South Carolina knew Tennessee couldn’t stop the run so it wisely ran the ball. It also knew if it was going to try and throw the ball – Jake Bentley’s specialty – it would have to be quick-strike passes to avoid the Volunteers’ nasty pass rush.
It was hit-and-miss for three quarters. The run worked well, but the Gamecocks began to ignore it, especially after Rico Dowdle was shaken up. The pass could work if USC could get protection.
It came down to a choice, and it was a difficult one. Dowdle was out. The Gamecocks tried to throw the ball while up three points and Bentley was put on his back. But Mark King’s second interception of the game gave USC the ball with 3:42 to go, and the choice rose again.
Run or pass?
USC ran twice for short gain. On third down, just as he did on a touchdown strike to K.C. Crosby, Bentley hung in as the pass-rush closed. Hayden Hurst, who hadn’t caught a ball all game and cost the Gamecocks a touchdown with a holding call, was there on a crossing pattern.
“We just had some things we’re still working through, that’s where we are right now,” coach Will Muschamp said. “We ran the ball, for the most part, pretty well through most of the night. I thought Jake was accurate in some tight man-to-man throws he made.”
USC was able to get enough time off the clock late to remove any doubt and pulled off its biggest win in … well, a long time. It kept the Gamecocks in the search for bowl eligibility and showed Kurt Roper isn’t chained to a 50-50 playcalling balance – with 49 runs and 21 passes, that was exactly how USC should have attacked a Vols defense that could not stop the run.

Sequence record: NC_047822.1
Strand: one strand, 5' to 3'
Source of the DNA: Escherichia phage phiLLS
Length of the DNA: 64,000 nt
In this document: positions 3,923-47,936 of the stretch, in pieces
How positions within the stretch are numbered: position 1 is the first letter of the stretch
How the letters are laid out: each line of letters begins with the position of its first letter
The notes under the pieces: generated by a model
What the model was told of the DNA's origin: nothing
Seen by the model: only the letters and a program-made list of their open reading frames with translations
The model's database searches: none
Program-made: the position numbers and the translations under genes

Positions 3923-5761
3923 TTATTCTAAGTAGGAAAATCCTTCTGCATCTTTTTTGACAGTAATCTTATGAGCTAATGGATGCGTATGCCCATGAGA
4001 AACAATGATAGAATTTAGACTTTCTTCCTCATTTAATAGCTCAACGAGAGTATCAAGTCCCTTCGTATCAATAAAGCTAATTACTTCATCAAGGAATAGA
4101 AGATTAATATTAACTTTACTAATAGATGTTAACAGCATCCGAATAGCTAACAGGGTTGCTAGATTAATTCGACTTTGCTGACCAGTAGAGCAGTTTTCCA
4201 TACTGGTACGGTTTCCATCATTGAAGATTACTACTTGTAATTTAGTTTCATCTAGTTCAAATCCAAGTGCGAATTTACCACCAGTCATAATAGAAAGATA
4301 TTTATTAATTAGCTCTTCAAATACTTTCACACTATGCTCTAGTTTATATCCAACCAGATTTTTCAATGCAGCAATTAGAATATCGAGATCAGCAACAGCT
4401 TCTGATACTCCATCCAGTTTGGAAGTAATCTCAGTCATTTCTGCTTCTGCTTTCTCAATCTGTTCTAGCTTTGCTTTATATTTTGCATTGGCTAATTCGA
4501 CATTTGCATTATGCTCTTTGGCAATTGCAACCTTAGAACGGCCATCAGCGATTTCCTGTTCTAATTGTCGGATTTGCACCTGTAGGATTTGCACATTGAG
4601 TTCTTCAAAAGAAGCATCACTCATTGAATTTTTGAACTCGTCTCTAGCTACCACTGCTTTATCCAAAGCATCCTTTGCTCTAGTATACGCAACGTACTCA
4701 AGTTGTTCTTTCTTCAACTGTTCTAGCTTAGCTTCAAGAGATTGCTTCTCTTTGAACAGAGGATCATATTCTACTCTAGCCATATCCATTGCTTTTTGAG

Dowdle had the best single game for any USC running back this year, Bentley continued to show that he might be Steve Taneyhill 25 years later and Deebo Samuel might be the best slot receiver in the SEC. There are still problems to solve, kinks to work out – but the Gamecocks have won two straight and are feeling like they can conquer the world.
It was still difficult to make the kinds of decisions that can define a game – or a tenure – but Muschamp (or Roper, since Muschamp says he’s never called a play) made the right ones. They elected to make Tennessee try to drive the length of the field and burn its final timeout and it came through.
The Gamecocks’ skill players are developing, as USC hoped they would. There’s still a long way to go.
Although they can enjoy this one for a little while.
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